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Suffixes: Spelling Review Study Guide (page 2)

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Updated on Aug 25, 2011

Suffix Rule #1: Consonant or Silent e + Consonant

If a suffix begins with a consonant, it can usually be attached to a base word that ends in a consonant or a silent e with no change to the base word or the suffix.

Examples:
  • wise + -ly = wisely
  • mechanic + -al = mechanical
  • good + -ness = goodness

As with any good rule, there are always exceptions. A few words that end in silent e drop the e when adding suffix. For example, acknowledge + -ment = acknowledgment. Other common examples are argument, awful, duly, judgment, ninth, truly, wholly, and wisdom.

Suffix Rule #2: Silent e + Vowel

If a base word ends in a silent e and the suffix begins with a vowel, drop the silent e when adding the suffix.

Examples:
  • type + -ist = typist
  • drive + -able = drivable
  • fortune + -ate = fortunate

The exception to this rule occurs when the suffixes -able or -ous are added to words that end in g + silent e or c + silent e. The silent e remains in these words as a reminder that the g and c sounds are soft.

Examples:
  • courage + -ous = courageous
  • notice + -able = noticeable
  • outrage + -ous = outrageous

FUEL FOR THOUGHT

ADJECTIVES MODIFY NOUNSor pronouns. Words like nice, pretty, and large are all adjectives. Adverbs modify everything else: verbs, adjectives, other adverbs, clauses, and sentences. Adverbs answer the questions "How?" "Why?" "When?" "Where?" "In what way?" "How much?" "How often?" "Under what condition?" and "To what degree?" Words like excitedly, today, and very are all adverbs.

When adverbs modify verbs or adjectives, they often end in the suffix -ly. For example: "I walked slowly," "She chews noisily," or "We are extremely bored." You can't automatically assume that every word ending in -ly is an adverb; for example, friendly, lonely, and lovely are all adjectives.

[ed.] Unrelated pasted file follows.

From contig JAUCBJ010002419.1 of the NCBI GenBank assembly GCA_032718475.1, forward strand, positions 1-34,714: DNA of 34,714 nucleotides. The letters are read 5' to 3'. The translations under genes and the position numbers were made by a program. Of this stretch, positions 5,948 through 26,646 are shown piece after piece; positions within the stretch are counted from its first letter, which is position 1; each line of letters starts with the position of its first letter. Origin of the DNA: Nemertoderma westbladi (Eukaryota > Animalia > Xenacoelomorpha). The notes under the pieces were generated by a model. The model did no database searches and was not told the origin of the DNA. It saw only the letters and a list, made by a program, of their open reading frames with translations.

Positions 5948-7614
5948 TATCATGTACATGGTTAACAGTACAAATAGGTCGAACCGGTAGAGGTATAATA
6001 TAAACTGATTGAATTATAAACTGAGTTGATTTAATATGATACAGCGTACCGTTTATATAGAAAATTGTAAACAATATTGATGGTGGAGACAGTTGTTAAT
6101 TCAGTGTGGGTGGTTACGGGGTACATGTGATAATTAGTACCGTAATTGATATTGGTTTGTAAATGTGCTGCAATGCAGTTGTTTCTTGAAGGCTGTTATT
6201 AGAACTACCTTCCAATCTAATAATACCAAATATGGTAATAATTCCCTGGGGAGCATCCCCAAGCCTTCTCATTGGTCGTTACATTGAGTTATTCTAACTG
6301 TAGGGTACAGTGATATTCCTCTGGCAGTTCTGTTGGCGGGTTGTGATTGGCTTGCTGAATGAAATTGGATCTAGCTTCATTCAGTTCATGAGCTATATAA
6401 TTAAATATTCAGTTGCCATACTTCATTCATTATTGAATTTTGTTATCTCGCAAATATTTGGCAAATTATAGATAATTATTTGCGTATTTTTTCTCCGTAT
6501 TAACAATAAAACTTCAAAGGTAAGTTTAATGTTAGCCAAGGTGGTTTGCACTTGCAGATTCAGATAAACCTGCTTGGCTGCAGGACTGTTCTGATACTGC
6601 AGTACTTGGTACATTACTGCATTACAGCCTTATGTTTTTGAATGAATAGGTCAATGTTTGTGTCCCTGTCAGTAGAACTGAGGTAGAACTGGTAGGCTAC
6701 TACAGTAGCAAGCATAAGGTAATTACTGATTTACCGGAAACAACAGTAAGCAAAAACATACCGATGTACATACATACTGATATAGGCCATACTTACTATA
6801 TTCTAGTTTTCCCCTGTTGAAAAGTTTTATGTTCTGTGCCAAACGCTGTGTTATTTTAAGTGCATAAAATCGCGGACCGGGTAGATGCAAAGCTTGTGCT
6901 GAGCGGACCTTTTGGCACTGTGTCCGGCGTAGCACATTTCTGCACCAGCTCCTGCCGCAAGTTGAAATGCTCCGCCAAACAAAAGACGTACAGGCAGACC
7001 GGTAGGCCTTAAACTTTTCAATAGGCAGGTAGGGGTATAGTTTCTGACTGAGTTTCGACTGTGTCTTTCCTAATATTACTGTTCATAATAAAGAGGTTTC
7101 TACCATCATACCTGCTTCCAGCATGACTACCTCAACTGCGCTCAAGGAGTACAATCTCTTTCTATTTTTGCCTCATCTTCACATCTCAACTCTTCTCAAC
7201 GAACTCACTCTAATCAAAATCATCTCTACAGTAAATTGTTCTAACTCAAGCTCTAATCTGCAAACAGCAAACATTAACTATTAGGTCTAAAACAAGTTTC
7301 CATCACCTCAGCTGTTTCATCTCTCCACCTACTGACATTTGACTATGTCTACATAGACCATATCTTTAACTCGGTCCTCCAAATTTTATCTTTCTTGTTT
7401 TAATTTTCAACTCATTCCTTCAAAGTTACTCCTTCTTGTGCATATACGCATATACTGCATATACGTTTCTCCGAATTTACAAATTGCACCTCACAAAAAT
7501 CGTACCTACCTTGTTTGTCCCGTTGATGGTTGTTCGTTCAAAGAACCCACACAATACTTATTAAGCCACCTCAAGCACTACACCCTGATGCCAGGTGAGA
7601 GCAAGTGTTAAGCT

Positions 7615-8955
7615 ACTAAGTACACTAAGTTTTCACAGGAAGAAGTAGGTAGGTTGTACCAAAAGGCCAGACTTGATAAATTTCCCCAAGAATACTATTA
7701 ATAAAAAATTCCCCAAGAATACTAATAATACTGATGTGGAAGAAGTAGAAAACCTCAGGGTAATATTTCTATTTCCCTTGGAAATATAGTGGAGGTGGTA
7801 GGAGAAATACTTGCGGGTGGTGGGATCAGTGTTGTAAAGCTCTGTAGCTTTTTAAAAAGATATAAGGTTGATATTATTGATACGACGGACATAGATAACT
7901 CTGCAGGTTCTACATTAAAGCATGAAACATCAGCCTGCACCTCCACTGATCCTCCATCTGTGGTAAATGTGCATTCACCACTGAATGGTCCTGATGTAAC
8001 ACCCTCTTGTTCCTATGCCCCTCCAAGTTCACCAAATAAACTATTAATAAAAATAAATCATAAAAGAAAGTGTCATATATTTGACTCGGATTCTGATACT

Adverbs that end in -ly can be formed by adding -ly to adjectives (like comfortableor poor), present participles (-ing words like surprising or trusting), or past participles (-ed words like assured or embarrassed). There are a few special rules that pertain to suffixes ending in -ly:

  1. When the base word ends in -able or -ible, drop the final e and replace it with a -y.

Examples:

  • terrible + -ly = terribly
  • arguable + -ly = arguably
  1. When the base word ends in -ic, add -ally.

Examples:

  • idiotic + -ly = idiotically
  • emphatic + -ly = emphatically

Suffix Rule #3: When to change -y to an i

When base words end in a consonant + -y combination, change the -y to an i when adding suffixes. If the base word ends in a vowel + -y combination, keep the final -y.

Examples of words that end in consonant + -y combinations:
  • beauty + -ful = beautiful
  • busy + -ness= business
  • marry + -age = marriage
Examples of words that end in vowel + -y combinations:
  • destroy + -er = destroyer
  • pay + -ment = payment
  • buoy + -ant = buoyant

There is one very common exception to this rule: Something that happens every day happens daily, not dayly.

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